Can I Kill David Arquette?
I’ve never thought about killing David Arquette, but I am not letting a documentary tell me who I can and cannot kill!
Before I can share my plans for killing one-time lower-alphabet-list celebrity David Arquette, I should tell you about this documentary.
You Cannot Kill David Arquette
In August 2020, directors David Darg and Price James released a documentary about out-of-work actor David Arquette getting back into professional wrestling despite his health issues. That sentence may need to be unpacked.
In 2000, David Arquette starred in Ready to Rumble, a Warner Brother’s feature film about wrestling fans getting caught up in wrestling’s tendency to incorporate behind the scenes politics into on-screen storylines.
The wrestlers in the film work for World Championship Wrestling, a then real pro wrestling company. Many WCW wrestlers play themselves in the film, both as background characters and in featured roles.
In April of that year, Arquette appeared on WCW programing to promote the film. So they put the belt on him.
David Arquette – WCW Champion
This decision showed a key difference between how WCW and the more famous WWE (or WWF) used celebrities. Some celebrities have wrestled WWE wrestlers. Mr. T and Lawrence Taylor both main evented Wrestlemanias. But usually celebrities played secondary roles, like quest referees and managers. The only celebrities who touched the wrestlers had some kind of athletic credibility, like Chuck Norris kicking a wrestler who tried to interfere in a match.
David Arquette lacked that credibility. And not only did he beat wrestlers, he won the promotion’s supposedly top prize.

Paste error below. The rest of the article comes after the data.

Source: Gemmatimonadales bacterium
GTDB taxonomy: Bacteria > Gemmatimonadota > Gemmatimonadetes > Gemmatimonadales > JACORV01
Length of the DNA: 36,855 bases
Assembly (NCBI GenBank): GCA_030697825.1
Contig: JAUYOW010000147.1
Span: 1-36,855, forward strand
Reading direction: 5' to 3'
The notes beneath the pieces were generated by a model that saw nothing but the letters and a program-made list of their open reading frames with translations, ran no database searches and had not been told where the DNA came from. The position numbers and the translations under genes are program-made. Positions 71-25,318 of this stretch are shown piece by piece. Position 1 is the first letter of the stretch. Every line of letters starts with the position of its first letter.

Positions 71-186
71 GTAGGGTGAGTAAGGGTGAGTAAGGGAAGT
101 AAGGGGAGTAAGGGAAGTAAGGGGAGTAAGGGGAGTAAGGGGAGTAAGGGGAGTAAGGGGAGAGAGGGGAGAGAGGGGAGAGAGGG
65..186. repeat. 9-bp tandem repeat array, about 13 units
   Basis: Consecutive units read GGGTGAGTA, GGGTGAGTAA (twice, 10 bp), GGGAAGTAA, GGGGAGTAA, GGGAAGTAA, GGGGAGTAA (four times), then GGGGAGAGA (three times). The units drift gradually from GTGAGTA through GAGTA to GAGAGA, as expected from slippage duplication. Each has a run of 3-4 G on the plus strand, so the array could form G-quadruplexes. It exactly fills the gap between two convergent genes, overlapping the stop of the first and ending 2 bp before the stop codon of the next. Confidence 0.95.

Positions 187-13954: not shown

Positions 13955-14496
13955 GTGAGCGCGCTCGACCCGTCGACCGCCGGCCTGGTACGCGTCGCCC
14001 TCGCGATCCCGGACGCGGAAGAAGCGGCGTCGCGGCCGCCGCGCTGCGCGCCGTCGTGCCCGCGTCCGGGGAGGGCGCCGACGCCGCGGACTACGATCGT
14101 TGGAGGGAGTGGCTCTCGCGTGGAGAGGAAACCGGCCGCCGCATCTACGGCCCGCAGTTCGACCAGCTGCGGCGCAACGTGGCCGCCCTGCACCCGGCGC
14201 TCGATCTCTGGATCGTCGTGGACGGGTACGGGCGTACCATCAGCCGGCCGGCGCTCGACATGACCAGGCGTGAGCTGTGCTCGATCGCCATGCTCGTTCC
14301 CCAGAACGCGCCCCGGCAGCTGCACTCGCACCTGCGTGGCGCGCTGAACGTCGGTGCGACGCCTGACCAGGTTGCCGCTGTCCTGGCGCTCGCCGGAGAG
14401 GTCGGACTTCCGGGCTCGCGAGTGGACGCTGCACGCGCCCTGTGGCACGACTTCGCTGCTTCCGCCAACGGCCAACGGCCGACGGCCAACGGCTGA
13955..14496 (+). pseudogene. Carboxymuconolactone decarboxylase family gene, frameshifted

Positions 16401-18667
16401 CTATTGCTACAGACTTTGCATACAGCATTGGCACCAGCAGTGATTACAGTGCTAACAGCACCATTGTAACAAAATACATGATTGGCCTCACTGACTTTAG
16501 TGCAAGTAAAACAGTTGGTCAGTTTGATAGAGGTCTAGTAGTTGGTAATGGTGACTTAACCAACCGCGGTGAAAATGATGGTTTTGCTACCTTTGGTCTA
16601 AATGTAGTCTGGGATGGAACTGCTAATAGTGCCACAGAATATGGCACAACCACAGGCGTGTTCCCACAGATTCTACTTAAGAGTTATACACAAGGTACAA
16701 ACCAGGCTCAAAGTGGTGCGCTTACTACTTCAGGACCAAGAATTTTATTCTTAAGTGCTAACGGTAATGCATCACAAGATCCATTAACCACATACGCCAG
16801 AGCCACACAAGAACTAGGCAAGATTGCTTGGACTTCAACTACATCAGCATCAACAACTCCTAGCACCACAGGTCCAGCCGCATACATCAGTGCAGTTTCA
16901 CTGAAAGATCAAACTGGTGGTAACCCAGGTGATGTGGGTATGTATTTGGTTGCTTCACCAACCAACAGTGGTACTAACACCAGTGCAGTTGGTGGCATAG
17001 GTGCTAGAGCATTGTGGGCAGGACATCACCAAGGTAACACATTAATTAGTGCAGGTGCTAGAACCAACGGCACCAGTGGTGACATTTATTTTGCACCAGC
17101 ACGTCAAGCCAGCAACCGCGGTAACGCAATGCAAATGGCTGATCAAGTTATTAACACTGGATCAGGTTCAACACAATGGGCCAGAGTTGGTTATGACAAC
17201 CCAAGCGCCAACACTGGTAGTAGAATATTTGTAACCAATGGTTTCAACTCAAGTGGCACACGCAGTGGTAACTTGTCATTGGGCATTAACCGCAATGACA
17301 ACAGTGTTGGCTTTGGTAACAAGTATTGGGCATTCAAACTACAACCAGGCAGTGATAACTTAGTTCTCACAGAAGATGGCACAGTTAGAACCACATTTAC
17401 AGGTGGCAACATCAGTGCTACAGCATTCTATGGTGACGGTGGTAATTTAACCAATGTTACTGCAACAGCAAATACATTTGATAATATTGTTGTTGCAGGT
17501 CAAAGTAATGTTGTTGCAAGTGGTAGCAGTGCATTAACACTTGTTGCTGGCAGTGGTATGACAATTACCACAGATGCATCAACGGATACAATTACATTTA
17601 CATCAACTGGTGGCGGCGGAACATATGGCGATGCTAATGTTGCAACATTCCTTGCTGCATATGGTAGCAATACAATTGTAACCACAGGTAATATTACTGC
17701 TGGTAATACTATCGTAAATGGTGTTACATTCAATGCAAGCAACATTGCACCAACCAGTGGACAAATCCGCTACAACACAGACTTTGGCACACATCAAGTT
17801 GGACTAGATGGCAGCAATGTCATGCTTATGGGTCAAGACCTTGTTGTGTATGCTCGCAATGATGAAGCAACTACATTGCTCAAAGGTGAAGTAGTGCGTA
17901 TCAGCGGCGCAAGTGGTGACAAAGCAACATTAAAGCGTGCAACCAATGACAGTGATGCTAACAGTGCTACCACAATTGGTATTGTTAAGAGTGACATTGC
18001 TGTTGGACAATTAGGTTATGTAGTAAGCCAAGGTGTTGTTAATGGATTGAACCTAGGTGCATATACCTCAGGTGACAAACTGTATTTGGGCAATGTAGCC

So What If It’s Fake?
You might be not understand why it’s such a big deal. Wrestling is fake, celebrities bring attention to the business (Arquette’s then wife Courtney Cox starred in the highest rated sitcom at the time, and she appeared in a WCW segment), it’s all for fun, right?
Everything about the above is true except your tone, which I don’t appreciate. Wrestling is fake, but so are the Avengers movies. You remember the Endgame memes about Ant-Man going up Thanos’ butt and reverting to full size?
David Arquette winning the world title is like if that meme was the actual end to Endgame.
Not long before Arquette won the world title, WCW boasted an 83 week streak of higher ratings than the WWE. No other wrestling promotion ever beat WWE in the US, but a combination of innovative storytelling and nostalgia hires made WCW the wrestling to watch in the 90s. WWE responded by making Steve Austin, The Rock, and Mick Foley household names, retaking the lead in the ratings war. WCW responded with David Arquette.
The Wrestlecrap article I linked to above concludes by saying “WCW proceeded to go out of business… Coincidence?” This echoes the sentiment of many wrestling fans, that David Arquette killed WCW. Furthermore, without the competition, the WWE rested on its laurels, leading to a downturn in quality. To many, David Arquette ruined professional wrestling.
Out of Work Actor
I called Arquette a lower-alphabet-list celebrity earlier. However, it’s important to remember that most actors don’t shift letter grades, like a B student who really applied himself on semester. Every celebrity is an experiment. Someone with money and influences decides X would fit Y role, be it a great opening act, the face of the stunt-coordinator-as-film-lead genre, or reliable one-liner actor. There’s an investment in that person fitting that bill.